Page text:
cutting the apron strings

This blog has been focused, mainly, on Evelyn.  But there is also Maxine.  Who is the other half of my world.

A friend that we just met in person for the first time said, “Maxine is sunshine.”

And that’s just it.  She is sunshine.

I’ve, more or less, spent 24 hours a day with Maxine since her arrival.  We play together.  We eat together.  We sleep together.  We’re pretty much always together.

I’ve all but designed the world in which she has lived to date.  I’ve felt good about the things that I’ve let into that world and the things that I’ve kept out.

She believes that she has choices and that her, “no” will always be respected.

She is unfazed by the fact that some people speak and some people don’t.  Some people walk and some people don’t.

She knows nothing of violence, monsters, bad guys, and evil.  Well–there was the 5 minute trial of watching “Ratatouille.”

She doesn’t know what, “fat”, “skinny”, “stupid” and “hate” mean.  Because she hasn’t heard these words.

She doesn’t have any concept of competitiveness.

I’ve poured every ounce of love and affection possible into this child.

She has bloomed and grown in the shelter of my love.

Tomorrow she starts preschool.

And I wonder.

Am I releasing my delicate flower into the elements without having given her the tools she needs to protect herself?

Yes, I realize that I am releasing her into preschool.  Two mornings a week.  A parent coop–chosen for its philosophies which are almost identical to my own.  How exposed will she really be?  I might be dramatizing just a titch.

But I worry.

You see, she understands about many things.  She discusses the food chain dispassionately.  She knows how her body works.  She knows how to keep her body safe and healthy.

But did I keep too much out of her education thus far?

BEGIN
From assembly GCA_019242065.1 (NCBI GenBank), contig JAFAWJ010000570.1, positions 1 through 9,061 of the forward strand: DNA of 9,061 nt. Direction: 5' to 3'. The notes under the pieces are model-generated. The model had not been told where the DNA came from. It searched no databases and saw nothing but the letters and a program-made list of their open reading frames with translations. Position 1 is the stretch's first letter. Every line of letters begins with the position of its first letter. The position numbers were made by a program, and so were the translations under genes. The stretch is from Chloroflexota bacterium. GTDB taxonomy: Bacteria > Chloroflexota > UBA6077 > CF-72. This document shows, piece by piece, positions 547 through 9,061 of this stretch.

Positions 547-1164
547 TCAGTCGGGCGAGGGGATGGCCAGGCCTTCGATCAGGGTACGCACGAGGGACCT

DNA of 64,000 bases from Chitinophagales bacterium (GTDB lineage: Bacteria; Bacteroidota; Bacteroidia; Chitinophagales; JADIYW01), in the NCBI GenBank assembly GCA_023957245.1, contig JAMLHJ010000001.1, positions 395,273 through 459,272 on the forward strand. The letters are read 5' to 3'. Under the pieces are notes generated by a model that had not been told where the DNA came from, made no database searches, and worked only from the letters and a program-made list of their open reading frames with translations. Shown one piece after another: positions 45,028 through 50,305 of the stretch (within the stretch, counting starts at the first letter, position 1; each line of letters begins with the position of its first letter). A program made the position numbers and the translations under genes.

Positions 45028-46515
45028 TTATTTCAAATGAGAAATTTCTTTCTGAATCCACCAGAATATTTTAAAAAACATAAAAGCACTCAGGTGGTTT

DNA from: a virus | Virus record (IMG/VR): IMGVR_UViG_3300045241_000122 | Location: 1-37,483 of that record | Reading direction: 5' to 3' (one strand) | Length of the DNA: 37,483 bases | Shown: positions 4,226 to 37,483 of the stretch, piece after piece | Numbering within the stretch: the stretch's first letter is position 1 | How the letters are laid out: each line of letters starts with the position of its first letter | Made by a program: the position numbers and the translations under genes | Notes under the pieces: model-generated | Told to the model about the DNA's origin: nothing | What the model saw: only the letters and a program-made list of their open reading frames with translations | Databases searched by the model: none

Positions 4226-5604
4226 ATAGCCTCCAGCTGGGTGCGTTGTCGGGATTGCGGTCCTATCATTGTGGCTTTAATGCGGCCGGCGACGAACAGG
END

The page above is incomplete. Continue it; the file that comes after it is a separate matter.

There’s this total big world out there.  One that she has no idea exists.  I’m sure some of it will trickle down, even, into preschool.  I can’t help but to question my judgment in keeping it from her.  To question my personal motives for doing so.

Kind of like procrastinating doing something unpleasant.  Did I put the inevitable off for her benefit?  Or mine?

I can only hope that the sense of security which I’ve been trying to love into her will be enough to preserve her as reality starts to come into focus for her.

That the foundation of trust that we’ve built, brick by brick, doesn’t crumble under the outside pressures that are waiting for her.

That her very gentle beginnings will keep her strong.

I also really hope that she doesn’t say, “fuck” or any variation thereof at school tomorrow.

1 thought on “cutting the apron strings

  1. My friend also has two daughters (now adults) – one with a significant disability (A) and the other without (M). When they were young and A needed alot of help and there were strangers in the house all the time, Kate worried that M would be missing out on stuff. But they both grew up to be strong, interesting women. Although when M was six she asked her mom, “Who taught me to walk?” since she remembered folks teaching A to walk and just assumed that she’d forgotten which person taught her. We all laughed. Good luck with preschool – it’s always an adventure for parent and child.

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